WHITE REAPER + RON GALLO + NAKED GIANTS @ THE TROUBADOUR
Is White Reaper “The World’s Best American Band?” They certainly made a case for themselves, releasing an album with that very title, and putting on a hell of a show last night at the Troubadour—a venue that all of the past “World’s Best American Bands,” have found themselves in at one time or another.
With that proclamatory album, the Louisville, Kentucky rockers took their sound out of the garage and into stadiums—trading in speed-freak punk for a more muscular, classic sound that draws on the last era when rock was pop. Think Thin Lizzy, Cheap Trick, Van Halen, and even KISS.
What that added up to last night was a wall-to-wall, gasoline-soaked set filled with fat riffs, enough heart-rattling energy to power all of West Hollywood, and a lot of very sweaty dudes. “Scoot the fuck up!” frontman Tony Esposito said as they took the stage, with keyboardist Ryan Hater raising his arms up like a prizefighter—firing on all cylinders right out the gate with “Last 4th of July” and “Pills”. The old favorites provided a perfect contrast to the one-two punch of “Little Silver Cross” and “The Stack”—new tracks that made it impossible to ignore how much better they’ve gotten in between records. The songs are catchier, the songs are bigger, and damn the band is tight—the kind of tight that can only come from being anchored by a DNA-sharing rhythm section (twins Nick and Sam Wilkerson).
After the irresistible crowd-favorite “Sheila”—otherwise known as Espositio’s exercise in mutating the word “heart” with his snot-rocket sneer until it no longer sounds like part of the english language—came the sweet, 70s, harmonizing guitars of “Eagle Beach,” and “Judy French,” which sounds so much like 1981, you would swear Reagan just got elected.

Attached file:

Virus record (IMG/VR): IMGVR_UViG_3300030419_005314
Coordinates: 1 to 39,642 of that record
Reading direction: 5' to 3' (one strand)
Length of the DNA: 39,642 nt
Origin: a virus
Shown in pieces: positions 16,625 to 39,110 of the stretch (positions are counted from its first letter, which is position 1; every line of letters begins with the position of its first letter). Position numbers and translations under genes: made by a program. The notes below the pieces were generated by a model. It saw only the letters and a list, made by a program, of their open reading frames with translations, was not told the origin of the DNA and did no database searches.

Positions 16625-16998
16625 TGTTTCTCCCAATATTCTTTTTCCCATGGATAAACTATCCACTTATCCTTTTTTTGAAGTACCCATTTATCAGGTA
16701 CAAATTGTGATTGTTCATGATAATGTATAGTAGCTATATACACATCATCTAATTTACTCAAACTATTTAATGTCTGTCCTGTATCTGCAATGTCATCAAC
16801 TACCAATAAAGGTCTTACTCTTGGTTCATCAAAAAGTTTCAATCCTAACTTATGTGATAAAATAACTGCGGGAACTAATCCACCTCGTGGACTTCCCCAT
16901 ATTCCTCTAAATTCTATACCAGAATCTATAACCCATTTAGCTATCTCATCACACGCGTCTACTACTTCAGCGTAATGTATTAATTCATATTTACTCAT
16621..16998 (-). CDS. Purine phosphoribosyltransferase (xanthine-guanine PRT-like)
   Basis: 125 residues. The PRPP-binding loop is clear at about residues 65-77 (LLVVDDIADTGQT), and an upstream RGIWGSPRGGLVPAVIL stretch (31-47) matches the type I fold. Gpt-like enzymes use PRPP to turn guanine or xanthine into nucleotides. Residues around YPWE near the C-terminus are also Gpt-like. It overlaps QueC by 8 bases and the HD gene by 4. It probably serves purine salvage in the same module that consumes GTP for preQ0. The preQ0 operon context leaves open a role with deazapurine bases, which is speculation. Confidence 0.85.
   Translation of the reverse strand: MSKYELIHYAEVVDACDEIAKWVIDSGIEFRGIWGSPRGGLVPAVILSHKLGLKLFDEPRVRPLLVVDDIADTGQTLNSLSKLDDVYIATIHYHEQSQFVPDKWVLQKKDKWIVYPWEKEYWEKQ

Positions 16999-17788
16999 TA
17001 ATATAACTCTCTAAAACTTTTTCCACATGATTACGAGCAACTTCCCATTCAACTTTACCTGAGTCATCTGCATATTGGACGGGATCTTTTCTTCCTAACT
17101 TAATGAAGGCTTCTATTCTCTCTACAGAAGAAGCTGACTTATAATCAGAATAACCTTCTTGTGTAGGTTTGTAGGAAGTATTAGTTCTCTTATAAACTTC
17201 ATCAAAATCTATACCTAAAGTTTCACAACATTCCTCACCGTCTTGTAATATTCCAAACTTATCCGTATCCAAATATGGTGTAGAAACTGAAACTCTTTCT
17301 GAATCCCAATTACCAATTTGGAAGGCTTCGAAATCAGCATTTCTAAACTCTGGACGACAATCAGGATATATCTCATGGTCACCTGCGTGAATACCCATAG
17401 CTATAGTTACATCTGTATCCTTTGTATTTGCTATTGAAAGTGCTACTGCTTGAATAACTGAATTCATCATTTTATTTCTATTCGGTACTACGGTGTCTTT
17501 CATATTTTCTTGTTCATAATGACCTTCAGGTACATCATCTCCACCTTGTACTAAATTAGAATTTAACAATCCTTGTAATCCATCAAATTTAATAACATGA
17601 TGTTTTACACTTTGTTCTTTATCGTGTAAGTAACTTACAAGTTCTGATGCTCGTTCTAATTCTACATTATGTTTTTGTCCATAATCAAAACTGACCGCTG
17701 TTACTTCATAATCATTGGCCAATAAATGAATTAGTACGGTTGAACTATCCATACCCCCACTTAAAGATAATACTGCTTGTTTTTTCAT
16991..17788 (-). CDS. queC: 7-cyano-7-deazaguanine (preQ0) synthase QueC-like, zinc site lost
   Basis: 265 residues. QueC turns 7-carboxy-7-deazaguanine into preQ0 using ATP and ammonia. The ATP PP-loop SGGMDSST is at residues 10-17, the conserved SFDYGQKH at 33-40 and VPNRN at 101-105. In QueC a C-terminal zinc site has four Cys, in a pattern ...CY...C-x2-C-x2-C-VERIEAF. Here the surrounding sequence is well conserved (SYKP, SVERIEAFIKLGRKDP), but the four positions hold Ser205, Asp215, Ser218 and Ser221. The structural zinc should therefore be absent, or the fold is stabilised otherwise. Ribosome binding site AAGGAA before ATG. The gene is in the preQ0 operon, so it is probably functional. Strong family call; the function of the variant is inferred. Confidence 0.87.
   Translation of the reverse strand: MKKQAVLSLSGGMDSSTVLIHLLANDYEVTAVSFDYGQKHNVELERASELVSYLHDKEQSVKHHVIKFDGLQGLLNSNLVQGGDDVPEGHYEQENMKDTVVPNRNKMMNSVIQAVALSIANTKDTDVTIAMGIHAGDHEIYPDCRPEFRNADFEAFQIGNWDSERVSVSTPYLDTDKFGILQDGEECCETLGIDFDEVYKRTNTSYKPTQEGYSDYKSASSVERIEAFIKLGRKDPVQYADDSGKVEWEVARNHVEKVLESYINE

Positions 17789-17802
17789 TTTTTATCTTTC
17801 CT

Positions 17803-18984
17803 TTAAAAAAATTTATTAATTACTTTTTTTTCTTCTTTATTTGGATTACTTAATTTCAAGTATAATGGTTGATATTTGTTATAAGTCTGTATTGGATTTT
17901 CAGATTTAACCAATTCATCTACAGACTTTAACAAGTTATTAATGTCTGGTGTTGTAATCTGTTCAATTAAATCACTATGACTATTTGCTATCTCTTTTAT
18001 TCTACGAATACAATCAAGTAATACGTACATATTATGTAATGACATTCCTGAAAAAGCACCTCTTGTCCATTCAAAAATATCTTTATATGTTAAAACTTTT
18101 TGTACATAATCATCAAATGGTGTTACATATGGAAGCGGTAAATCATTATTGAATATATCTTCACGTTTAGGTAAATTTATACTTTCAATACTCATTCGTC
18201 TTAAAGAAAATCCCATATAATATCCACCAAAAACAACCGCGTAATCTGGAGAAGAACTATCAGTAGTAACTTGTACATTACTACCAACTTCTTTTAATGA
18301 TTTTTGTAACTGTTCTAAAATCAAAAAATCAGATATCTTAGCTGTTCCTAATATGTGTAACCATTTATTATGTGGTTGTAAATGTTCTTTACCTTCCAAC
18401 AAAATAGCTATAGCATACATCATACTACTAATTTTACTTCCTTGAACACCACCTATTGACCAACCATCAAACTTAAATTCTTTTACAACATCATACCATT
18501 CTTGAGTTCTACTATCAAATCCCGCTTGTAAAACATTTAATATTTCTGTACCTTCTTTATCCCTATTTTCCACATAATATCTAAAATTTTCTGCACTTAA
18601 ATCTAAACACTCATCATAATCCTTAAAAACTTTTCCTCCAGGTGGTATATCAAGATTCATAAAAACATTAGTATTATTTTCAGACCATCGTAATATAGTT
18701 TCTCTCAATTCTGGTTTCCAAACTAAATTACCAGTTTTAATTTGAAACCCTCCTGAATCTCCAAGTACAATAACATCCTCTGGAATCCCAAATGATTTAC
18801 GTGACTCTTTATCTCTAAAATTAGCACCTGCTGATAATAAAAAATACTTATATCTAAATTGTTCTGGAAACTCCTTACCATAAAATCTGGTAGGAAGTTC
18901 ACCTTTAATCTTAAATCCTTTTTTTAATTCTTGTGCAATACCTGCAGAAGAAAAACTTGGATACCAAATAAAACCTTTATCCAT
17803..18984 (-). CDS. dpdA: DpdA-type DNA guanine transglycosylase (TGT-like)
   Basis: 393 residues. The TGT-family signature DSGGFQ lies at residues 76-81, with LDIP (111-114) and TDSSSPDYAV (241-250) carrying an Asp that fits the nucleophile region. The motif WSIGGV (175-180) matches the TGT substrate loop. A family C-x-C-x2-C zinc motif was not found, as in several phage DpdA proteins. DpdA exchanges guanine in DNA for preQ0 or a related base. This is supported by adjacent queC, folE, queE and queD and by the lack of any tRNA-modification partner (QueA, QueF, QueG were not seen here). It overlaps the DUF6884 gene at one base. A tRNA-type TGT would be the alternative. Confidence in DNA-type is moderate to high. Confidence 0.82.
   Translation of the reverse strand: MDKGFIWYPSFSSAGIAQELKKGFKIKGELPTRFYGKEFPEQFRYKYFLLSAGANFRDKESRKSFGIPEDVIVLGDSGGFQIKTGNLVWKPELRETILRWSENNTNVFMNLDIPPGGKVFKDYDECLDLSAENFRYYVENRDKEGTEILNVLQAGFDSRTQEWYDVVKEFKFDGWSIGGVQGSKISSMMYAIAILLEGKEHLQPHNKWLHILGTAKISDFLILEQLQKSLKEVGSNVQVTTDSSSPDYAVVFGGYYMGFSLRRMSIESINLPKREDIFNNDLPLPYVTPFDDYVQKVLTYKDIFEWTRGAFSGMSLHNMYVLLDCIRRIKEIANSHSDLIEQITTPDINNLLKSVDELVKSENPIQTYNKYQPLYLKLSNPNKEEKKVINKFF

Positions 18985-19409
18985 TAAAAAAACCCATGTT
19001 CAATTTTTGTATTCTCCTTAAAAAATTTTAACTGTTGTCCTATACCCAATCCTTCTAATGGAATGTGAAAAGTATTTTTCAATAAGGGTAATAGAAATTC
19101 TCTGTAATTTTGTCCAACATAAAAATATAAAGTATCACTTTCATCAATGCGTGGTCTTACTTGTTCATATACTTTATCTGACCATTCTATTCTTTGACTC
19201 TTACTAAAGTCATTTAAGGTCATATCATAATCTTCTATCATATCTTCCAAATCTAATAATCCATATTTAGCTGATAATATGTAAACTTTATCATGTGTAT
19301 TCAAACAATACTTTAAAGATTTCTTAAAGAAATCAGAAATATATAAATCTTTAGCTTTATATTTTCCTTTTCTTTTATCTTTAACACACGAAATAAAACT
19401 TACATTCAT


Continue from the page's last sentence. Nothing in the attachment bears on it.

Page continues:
The last four songs were an all-out sprint to the finish line—a relentless onslaught of pop-punk guitars, Hater’s life-giving keyboards, and the fulfillment of Esposito’s request to “see someone fall on top of someone else tonight.” After a quick interlude of Joe Walsh’s “Life’s Been Good” came the Ramones-obliterating “Another Day,” then the AC/DC hugeness of “The World’s Best American Band,” with Sam Wilkerson holding his bass up in the air as an offering to the rock gods right before the epic key change. By the time they got to “B.T.K.” and “Half Bad,” Nick Wilkerson was down to his boxers, Esposito was practically foaming at the mouth, and a very happy kid was singing every word and playing air guitar, as his Sk8-Hi Vans bobbed up and down above the crowd.
So are they “The World’s Best American Band?” We all know it’s a long way to the top if you want to rock ’n roll— but they’re definitely on their way.
Obviously a tough act to follow, Ron Gallo held his own by doing something completely different. With an offbeat sense of humor, Gallo led the audience through a pastiche of spoken word, instrumental jams, covers (like a snippet of Des’ree’s “You Gotta Be”), and the heavy mix of psych, garage punk, and scuzzy fuzz of songs like “Kill The Medicine Man” and “Put The Kids To Bed” from his album Heavy Meta.
Gallo’s oddball style anchored the show, with him introducing a song called “I Want To Die” by insisting, “It’s positive,” frequently jumping down from the stage to run laps around the venue including the upstairs area where you could see amused members of White Reaper through the windows laughing, and leading everyone in an “Om” chant to get centered before the blistering “Young Lady, You’re Scaring Me.” The off-kilter charm was balanced by the musical prowess of his trio, with bassist Joe Bisirri and drummer Dylan Sevey masterfully navigating jams, freak-outs, and a guest appearance by Kat Milk Blu.
Gallo dedicated a new song to women all over the world, called “Entitled Man, Keep Your Hands Down Your Pants,” which had all the anger and fury of the heaviest garage punk, but the wordiness of something else. You don’t want to say Bob Dylan—with all that curly hair it’s an obvious comparison— but Gallo does have an air of “The Prophet” around him, the street preacher, the funny but angry young man who has a way with words. Take “All The Punks Are Domesticated,” where Gallo had the crowd completely hypnotized with lines like “Every room is sterilized/ All risk is paralyzed/ The pop tarts climb the pop charts/The blood clots block your heart parts/ And no one really has anything to say.”
Hailing from Nashville by way of Philadelphia, Gallo was surprised with the size of the crowd, saying “No one’s supposed to show up the first time you play a city. What the fuck? This is great!” It probably shocked him even more when the crowd called for an encore, as Gallo, now shirtless, ran back to the stage for a rendition of “Helter Skelter” that could have woken the dead.
The show was opened by Naked Giants.